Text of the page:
“The crucial role that women and girls play in ensuring the sustainability of rural households and communities, improving rural livelihoods and overall wellbeing, has been increasingly recognized . . . Even so, women and girls in rural areas suffer disproportionately from multi-dimensional poverty.”United Nations, “The Invaluable Contribution of Rural Women to Development”
Today, we celebrate rural women. Whether we live in town or country, all of us depend of food grown by men and women the world over. Too often, however, the work especially of women agriculturalists is unrecognized, undervalued and underpaid.
In the Zaña Valley in northern Peru, Heart-Links’ partner Latidos is working with 40 rural women to strengthen their position within the farming family and as producers and earners in their own right.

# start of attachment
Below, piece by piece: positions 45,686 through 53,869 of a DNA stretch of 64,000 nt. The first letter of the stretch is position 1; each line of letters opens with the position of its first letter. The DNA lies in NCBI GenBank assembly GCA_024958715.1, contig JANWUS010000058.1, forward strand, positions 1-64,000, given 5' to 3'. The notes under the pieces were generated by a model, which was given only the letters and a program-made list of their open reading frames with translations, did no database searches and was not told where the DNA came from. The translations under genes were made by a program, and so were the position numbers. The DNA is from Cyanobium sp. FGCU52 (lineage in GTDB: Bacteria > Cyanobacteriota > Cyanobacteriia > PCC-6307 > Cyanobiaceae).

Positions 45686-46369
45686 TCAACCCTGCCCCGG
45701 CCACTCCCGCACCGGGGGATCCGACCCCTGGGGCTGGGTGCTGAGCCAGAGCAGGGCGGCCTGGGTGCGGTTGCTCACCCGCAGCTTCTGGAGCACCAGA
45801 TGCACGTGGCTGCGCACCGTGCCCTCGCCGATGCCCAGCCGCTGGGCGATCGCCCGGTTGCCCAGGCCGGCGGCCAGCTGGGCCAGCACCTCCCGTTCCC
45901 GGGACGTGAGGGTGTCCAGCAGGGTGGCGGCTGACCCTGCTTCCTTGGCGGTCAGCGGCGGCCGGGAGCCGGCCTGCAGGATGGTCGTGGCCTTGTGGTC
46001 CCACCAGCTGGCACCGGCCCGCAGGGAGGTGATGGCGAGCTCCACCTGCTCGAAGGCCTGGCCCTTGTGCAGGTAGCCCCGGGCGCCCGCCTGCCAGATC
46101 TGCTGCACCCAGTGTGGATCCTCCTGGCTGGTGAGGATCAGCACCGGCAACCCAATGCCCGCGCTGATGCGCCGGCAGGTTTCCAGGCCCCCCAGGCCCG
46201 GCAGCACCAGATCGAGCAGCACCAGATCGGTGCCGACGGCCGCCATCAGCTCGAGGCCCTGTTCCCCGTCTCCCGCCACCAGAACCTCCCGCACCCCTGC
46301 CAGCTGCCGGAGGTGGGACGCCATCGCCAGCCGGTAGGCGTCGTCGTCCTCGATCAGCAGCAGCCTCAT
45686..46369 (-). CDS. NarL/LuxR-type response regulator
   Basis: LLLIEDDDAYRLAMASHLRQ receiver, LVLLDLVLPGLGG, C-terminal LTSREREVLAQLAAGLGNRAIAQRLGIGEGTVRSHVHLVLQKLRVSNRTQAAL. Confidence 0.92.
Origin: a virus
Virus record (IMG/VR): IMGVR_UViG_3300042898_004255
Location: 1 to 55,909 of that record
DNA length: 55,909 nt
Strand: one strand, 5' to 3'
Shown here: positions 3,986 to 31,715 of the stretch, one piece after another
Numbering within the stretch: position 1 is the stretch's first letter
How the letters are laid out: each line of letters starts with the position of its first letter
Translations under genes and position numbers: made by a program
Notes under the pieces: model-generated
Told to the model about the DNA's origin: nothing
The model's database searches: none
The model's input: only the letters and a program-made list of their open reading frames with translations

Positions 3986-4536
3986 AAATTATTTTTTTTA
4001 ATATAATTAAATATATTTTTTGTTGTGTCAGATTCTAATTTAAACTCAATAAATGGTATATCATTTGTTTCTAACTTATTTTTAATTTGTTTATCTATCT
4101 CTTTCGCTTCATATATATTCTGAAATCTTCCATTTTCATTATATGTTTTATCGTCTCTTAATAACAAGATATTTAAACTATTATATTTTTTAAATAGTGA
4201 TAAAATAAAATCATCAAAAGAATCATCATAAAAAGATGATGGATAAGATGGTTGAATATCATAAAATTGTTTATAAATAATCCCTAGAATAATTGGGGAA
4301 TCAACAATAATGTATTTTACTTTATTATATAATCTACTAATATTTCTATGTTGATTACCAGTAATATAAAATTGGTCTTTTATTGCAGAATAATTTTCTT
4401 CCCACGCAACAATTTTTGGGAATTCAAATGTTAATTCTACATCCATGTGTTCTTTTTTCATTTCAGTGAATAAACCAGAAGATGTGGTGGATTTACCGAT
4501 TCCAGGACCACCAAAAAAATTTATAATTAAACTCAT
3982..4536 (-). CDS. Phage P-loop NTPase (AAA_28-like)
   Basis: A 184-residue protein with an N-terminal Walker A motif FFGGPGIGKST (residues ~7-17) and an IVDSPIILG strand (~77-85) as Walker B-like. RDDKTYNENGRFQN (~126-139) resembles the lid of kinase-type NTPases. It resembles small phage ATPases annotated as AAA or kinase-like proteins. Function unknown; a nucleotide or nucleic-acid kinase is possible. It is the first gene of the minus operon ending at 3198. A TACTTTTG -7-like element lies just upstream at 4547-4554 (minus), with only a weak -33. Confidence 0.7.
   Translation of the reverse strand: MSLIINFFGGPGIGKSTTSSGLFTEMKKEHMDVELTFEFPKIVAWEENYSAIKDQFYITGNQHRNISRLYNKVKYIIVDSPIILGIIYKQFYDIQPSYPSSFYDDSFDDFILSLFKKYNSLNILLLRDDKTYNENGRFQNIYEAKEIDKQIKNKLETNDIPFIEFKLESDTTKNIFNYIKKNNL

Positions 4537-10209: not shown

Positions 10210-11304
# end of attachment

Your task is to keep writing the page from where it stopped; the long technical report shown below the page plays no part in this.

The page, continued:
The project, called Rural Women Chamba, is helping participants prepare business plans, increase productivity and access new markets. They have also planted a community garden and formed an association of women entrepreneurs for mutual support, collective action and future development.
With the advent of COVID-19, the importance of growing healthy food for their own and for other families has only increased. To help reduce the added strain on rural women during the pandemic, Latidos is providing them with seeds and then purchasing their produce and distributing it to people in need.
This kind of solidarity is part of the rural tradition. It is part of the tradition at Heart-Links too. That’s why we work with partners like Latidos who are helping create a more just world for the rural women of northern Peru.